• Chevalier, M. (2022) crestr: an R package to perform probabilistic climate reconstructions from palaeoecological datasets. Climate of the Past 18, 821-844. DOI: 10.5194/cp-18-821-2022
  • crestr An R package to perform probabilistic palaeoclimate reconstructions from palaeoecological datasets https://mchevalier2.github.io/crestr/

New insights from a Poaceae pollen morphological study in the Amazon

November 8, 2022
WDG

Open access:

Wei, C., Jardine, P.E., Gosling, W.D. & Hoorn, C. (2023) Is Poaceae pollen size a useful proxy in palaeoecological studies? New insights from a Poaceae pollen morphological study in the Amazon. Review of Palaeobotany and Palynology 308, 104790. DOI: 10.1016/j.revpalbo.2022.104790

Mapping Ancient Africa: Seminar 7

October 26, 2022
WDG

I am pleased to announce that the seventh online Mapping Ancient Africa seminar will take place on 10 November 2022 (17:00-18:00 CET – please note change of clocks from summer time) 

The seminar will be delivered via Zoom. The link for the seminar can be obtained from the MAA Slack channel or by contacting the chair of this seminar William Gosling. If you want to know more about the Mapping Ancient Africa project visit our web pages and please do not hesitate to get in contact if you want to get involved.

INQUAlogo

Intensification of ENSO frequency drives forest disturbance in the Andes during the Holocene

September 29, 2022
WDG

Open access:

Hagemans, K., Urrego, D.H., Gosling, W.D., Rodbell, D.T., Wagner-Cremer, F. & Donders, T.H. (2022) Intensification of ENSO frequency drives forest disturbance in the Andes during the Holocene. Quaternary Science Reviews 294, 107762. DOI: 10.1016/j.quascirev.2022.107762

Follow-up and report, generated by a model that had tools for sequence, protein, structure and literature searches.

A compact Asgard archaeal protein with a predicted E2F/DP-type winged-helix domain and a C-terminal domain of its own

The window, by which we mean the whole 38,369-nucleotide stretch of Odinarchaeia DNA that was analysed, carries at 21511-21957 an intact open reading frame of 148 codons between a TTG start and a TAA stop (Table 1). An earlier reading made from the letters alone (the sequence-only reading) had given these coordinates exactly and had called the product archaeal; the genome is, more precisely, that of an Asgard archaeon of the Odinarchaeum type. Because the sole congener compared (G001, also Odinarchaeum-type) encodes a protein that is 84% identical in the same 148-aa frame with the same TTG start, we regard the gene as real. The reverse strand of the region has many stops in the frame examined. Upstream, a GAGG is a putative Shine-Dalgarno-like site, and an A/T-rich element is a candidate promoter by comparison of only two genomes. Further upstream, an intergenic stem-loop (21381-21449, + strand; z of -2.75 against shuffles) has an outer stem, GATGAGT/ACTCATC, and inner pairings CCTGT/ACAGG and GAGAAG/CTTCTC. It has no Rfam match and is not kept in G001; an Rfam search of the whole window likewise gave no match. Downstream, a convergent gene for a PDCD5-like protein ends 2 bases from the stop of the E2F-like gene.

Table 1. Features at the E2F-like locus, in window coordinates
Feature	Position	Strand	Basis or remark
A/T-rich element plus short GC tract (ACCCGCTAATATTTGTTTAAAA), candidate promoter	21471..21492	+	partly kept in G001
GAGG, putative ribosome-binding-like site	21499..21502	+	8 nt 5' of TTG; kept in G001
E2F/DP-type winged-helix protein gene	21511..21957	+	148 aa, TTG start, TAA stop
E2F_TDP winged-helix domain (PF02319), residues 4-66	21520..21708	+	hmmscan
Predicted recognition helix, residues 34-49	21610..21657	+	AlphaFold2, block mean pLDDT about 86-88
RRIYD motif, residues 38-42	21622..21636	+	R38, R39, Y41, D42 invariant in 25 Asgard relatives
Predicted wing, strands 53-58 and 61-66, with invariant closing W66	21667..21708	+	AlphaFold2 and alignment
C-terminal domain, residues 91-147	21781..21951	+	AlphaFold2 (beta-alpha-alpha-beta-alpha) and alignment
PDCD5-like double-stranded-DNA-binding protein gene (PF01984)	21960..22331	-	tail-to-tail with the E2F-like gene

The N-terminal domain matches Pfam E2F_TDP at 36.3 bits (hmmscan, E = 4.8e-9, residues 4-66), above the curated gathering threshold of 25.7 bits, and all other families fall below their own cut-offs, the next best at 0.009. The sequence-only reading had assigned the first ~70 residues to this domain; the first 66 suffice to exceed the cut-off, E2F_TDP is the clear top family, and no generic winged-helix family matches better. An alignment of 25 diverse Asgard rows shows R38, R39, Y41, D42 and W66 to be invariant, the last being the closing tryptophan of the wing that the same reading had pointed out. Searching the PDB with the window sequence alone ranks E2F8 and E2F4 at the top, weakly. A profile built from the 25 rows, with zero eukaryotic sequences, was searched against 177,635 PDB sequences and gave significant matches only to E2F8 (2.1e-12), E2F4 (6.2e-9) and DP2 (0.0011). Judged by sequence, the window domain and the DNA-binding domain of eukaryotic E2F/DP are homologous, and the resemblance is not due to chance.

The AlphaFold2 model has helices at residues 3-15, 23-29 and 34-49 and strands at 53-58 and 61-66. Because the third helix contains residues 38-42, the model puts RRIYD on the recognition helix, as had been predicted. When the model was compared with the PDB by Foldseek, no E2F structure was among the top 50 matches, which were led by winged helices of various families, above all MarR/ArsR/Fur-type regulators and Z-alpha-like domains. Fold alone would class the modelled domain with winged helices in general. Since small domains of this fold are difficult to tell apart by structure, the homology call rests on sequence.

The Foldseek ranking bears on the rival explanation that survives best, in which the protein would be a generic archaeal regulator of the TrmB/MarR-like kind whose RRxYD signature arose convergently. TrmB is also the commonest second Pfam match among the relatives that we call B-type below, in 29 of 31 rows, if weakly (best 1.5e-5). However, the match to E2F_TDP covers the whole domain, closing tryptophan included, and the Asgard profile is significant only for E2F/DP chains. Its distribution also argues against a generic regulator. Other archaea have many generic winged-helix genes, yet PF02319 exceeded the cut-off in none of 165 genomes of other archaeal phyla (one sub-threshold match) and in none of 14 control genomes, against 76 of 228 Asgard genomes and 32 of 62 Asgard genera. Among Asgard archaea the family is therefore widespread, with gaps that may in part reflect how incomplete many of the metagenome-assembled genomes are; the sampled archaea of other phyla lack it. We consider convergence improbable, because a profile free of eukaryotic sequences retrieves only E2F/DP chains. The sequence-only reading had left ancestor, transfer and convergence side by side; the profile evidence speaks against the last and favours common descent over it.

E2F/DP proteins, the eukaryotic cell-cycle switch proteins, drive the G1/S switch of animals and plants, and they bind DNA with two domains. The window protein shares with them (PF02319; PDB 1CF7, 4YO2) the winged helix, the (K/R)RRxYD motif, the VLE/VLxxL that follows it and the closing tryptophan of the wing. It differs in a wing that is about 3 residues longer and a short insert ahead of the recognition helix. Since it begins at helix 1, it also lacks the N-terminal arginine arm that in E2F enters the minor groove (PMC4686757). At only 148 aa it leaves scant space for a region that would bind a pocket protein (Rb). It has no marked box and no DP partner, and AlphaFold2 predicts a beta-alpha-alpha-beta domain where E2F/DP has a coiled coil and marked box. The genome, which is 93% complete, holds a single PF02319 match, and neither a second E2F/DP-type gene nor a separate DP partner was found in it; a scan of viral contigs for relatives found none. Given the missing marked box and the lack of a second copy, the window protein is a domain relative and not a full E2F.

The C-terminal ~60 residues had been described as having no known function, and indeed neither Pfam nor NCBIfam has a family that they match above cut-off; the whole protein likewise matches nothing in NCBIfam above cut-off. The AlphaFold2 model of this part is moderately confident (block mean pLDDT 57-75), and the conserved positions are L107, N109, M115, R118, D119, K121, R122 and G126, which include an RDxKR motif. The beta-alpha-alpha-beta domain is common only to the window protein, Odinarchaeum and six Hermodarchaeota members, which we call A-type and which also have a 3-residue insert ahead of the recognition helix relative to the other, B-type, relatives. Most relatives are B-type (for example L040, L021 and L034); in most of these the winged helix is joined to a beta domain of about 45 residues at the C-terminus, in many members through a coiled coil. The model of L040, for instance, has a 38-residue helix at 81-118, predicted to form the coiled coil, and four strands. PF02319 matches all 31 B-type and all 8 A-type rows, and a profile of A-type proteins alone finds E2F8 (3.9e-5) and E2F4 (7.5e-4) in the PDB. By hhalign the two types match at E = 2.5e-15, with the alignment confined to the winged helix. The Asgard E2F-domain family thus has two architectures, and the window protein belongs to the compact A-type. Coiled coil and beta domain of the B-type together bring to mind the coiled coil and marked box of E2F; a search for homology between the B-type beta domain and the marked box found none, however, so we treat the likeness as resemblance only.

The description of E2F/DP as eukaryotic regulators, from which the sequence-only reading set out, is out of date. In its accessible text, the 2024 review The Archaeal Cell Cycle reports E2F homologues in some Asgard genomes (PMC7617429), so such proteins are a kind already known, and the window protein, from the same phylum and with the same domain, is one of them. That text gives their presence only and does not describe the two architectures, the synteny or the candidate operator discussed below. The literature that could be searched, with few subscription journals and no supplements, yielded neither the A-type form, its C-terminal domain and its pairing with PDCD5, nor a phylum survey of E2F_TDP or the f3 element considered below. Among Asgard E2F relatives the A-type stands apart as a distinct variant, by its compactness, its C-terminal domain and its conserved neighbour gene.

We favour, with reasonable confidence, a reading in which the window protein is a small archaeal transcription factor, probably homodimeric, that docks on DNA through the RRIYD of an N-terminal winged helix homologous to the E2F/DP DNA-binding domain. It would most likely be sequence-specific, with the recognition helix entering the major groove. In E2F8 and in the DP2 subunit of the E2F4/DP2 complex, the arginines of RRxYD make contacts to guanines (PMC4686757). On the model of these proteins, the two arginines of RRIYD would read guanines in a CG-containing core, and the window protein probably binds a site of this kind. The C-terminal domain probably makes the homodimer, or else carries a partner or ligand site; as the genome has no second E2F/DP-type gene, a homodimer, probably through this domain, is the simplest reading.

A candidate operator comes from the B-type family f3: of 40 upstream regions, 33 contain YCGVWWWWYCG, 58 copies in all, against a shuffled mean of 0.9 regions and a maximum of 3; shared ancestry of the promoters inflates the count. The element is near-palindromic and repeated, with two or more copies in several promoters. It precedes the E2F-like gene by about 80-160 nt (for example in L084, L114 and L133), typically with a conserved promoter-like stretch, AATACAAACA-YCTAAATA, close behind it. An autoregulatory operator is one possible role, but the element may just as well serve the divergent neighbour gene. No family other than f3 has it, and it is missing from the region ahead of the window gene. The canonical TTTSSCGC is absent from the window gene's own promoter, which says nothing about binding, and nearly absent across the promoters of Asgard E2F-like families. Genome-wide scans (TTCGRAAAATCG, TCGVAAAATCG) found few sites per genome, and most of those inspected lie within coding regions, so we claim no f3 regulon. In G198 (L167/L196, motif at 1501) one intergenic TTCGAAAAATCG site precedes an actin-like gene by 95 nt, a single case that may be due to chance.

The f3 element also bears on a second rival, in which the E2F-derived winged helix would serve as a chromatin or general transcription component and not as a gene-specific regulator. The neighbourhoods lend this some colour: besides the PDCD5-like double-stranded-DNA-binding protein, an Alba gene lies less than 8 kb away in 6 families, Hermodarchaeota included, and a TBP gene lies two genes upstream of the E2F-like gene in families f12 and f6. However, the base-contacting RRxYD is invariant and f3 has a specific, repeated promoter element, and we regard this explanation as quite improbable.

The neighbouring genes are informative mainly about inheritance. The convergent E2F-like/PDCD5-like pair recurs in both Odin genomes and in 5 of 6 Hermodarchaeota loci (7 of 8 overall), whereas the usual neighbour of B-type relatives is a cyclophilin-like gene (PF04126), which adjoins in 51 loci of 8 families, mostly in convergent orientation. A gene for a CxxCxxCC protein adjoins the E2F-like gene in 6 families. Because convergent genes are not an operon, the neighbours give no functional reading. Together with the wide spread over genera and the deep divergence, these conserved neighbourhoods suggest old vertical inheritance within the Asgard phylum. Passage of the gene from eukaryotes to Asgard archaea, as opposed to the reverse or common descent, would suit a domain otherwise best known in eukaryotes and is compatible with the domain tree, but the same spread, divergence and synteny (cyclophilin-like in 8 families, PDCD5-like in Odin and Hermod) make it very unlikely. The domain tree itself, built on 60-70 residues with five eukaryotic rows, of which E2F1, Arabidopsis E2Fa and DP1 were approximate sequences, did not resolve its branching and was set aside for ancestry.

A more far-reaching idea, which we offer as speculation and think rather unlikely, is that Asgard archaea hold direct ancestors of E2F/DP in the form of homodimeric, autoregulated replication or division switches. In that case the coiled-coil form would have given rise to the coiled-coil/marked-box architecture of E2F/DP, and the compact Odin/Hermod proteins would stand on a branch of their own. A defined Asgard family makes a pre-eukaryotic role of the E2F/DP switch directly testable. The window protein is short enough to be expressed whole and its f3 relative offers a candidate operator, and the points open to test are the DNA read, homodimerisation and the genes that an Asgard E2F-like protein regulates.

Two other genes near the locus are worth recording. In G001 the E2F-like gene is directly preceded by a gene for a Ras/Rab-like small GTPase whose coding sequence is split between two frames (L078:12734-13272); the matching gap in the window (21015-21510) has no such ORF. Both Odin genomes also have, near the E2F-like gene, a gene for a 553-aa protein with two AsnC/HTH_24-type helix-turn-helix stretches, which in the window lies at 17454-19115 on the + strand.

From new methods to new insights: Advancing palaeoecology with @PalaeoNick

September 21, 2022
WDG

During the delivery of this years BSc Palaeoeclogy course at the University of Amsterdam (UvA) I discussed with a number of students about the nature and purpose of understanding the ecology of the past. This lead me to highlighting the research of Nick Loughlin (@PalaeoNick) from his PhD at The Open University and the subsequent work that he has done. I though it might be interesting to also share this here…

Nick recovers a sediment core for his PhD project.
Nick Loughlin during his PhD field work in Ecuador

Nick’s study sought to understand better the ecological history of the biodiverse eastern Andean flank in Ecuador. To achieve this he went into the field and recovered sediments from a lake and a sedimentary section exposed by a road cutting. He analysed the sediments to reveal vegetation change (pollen analysis), fire histories (charcoal analysis), and past animals in the landscape (non-pollen palynomorphs, or NPPs). To extract extra ecological information from his samples he developed the methodological approach for examining NPPs in a tropical setting (Loughlin et al. 2018a). He then combined all the different palaeoecological approaches to reveal the drivers of vegetation change during the last glacial period (in the absence of humans; Loughlin et al. 2018b), and during the last 1000 years (when indigenous and European human populations radically altered the landscape; Loughlin et al. 2018c). The insights gained from Nicks research provided empirical evidence of how humans have been modifying this biodiversity hotspot on the timescales relevant to the lifecycles of tropical trees. These findings and ideas were collated in his PhD Thesis at The Open University which was supervised by Encarni Montoya, Angela Coe and myself (Loughlin, 2018a). Subsequently, Nick has been working to broaden the impact of his work and to communicate his findings to the broader scientific and conservation community. This has lead to two new publications focused on understanding baseline ecological function and conservation implications (Loughlin et al. 2022, Nogué et al. 2022).

Lake Huila
Evidence of past ecological change recovered from Lake Huila (Ecuador) revealed how past peoples had modified the landscape of the eastern Andean biodiversity hotspot.

The arch of research carried out by Nick, I think, really demonstrates the important of understanding the ecology of the past – without his detailed investigation of microfossils we could not have seen the impacts of indigenous communities on the past Andean landscape, or identify the consequences of the European depopulation; or been able to estimate the timescales of the ecological change!

References